Next the copper brake pipe, we're getting to the fun bit now. The copper brake pipe is supplied in two sections. A longer section which if I recall correctly goes on the near side, and a shorter section which attaches on the offside. The two sections are preshaped to a required path when attached to the DeDion tube, although you still need to be careful to ensure the P-Clips used shortly are in the correct place. The two sections are joined together using a T shaped union which attaches onto a bracket on the forward face of the DeDion tube, as shown.
I nervously screwed the two sides into the union and attached it to the DeDion tube. So far so good!
Now to secure the brake pipe. The brake pipe is secured using small P-Clips which are riveted to DeDion tube. Thankfully Caterham predrills rivet holes on the tube and explicitly states to only use those holes.
Right time to rivet, this was actually my first time riveting anything, and it would be the first time I'd used my new air tool bought for the build!
After lots of faffing reading the instructions I finally connected the tool to the airline and fired my first rivet in. It was as easy and as quick as stapling paper, no fuss, with a satisfy hiss of air each rivet seamless attached itself and the P-clip to the DeDion tube. Sorted!
As you can see in the above image of the unconnected P-Clip and rivet holes, the end of the brake pipe is straight; however, the connection on the rear of the calliper is some distance away. This is where the pipe bending comes in. Not only that, you need to keep the brake pipe close to the tube to ensure it does not foul against suspension components when fitted. I'd considered buying a pipe bending tool but ultimately decided against it, figuring I'd go with my hands and a closer connection with what I was doing.
It's not particularly easy to describe how I initially approached bending the pipe, I had an idea of how I wanted it to look but struggled to have the confidence to bend the pipe, sorting a smooth consistent radius was my biggest concern. As I worked away it occurred to me to use the side of various sized sockets to achieve the sort of radius I required and that is actually what I did. Using various sized sockets as radius guides made the whole process straightforward and before I knew it I was sorted on both sides! Happy days.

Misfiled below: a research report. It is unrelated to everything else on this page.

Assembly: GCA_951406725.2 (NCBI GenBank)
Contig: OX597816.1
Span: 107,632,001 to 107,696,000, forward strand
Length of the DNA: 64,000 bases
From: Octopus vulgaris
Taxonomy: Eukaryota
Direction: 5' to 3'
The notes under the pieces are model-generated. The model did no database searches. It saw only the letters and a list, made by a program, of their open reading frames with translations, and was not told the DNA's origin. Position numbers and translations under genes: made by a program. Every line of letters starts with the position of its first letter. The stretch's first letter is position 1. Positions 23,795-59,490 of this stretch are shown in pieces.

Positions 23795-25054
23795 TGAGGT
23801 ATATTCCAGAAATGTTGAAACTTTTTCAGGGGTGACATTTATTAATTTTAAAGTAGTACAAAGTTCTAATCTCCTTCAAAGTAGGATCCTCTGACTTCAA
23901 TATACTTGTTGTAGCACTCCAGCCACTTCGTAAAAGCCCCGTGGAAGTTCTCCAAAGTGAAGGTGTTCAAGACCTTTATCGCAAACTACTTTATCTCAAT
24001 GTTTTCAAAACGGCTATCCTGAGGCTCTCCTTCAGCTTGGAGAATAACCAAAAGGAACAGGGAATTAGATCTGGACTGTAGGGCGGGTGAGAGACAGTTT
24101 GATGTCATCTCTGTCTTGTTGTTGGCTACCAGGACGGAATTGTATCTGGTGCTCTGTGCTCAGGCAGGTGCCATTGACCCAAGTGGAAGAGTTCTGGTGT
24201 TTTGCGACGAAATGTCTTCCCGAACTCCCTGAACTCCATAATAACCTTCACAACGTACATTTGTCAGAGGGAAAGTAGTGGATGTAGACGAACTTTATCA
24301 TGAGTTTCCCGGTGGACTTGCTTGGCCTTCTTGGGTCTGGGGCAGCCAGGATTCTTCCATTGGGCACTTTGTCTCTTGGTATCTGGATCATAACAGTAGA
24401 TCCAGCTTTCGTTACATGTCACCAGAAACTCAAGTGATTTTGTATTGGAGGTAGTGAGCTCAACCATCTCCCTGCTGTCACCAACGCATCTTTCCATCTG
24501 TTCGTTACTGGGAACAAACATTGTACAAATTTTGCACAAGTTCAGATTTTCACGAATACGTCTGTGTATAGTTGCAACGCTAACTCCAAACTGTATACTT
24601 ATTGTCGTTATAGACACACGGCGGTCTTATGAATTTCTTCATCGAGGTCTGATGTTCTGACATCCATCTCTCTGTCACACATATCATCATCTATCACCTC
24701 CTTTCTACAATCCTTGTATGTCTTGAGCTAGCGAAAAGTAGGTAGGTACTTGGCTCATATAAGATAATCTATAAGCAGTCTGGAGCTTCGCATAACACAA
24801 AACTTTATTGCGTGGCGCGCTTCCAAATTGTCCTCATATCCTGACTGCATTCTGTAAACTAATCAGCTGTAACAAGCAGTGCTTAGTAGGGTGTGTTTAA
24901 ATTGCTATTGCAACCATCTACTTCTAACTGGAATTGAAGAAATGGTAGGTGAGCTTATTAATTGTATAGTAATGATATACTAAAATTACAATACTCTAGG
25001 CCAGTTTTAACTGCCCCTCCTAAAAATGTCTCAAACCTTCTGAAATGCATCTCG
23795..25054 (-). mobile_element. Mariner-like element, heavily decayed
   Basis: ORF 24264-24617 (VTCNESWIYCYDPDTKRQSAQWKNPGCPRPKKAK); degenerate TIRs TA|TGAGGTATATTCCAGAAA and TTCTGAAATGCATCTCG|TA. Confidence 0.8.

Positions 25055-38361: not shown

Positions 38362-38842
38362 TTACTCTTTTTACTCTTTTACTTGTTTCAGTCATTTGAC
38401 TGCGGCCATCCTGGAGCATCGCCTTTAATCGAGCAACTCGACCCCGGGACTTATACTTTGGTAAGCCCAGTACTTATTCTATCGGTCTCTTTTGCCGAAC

Apologises, I didn't get any photo of me using said sockets but I'm sure you get the idea, the photos below shows the progression in the bend and the final result.
Once complete I removed the Ears and callipers being careful to avoid damage to the copper pipes and fittings, then removed the DeDion bar from the vice ready for installation.
As I mentioned above the space between the differential and fuel tank is so tight the Ears and callipers need to be removed, space is also so tight that union on the front face limits which way you can install the tube. The tube needs to be installed from the offside through to the near side, I'm sure this contradicts the manual, but I'm convinced this statement is accurate. Once through I rested the tube on the chassis (protect with insulating foam) ready for the next stage.
Check back soon, to discover the next stage, reattaching the Ears, callipers, ARB and more.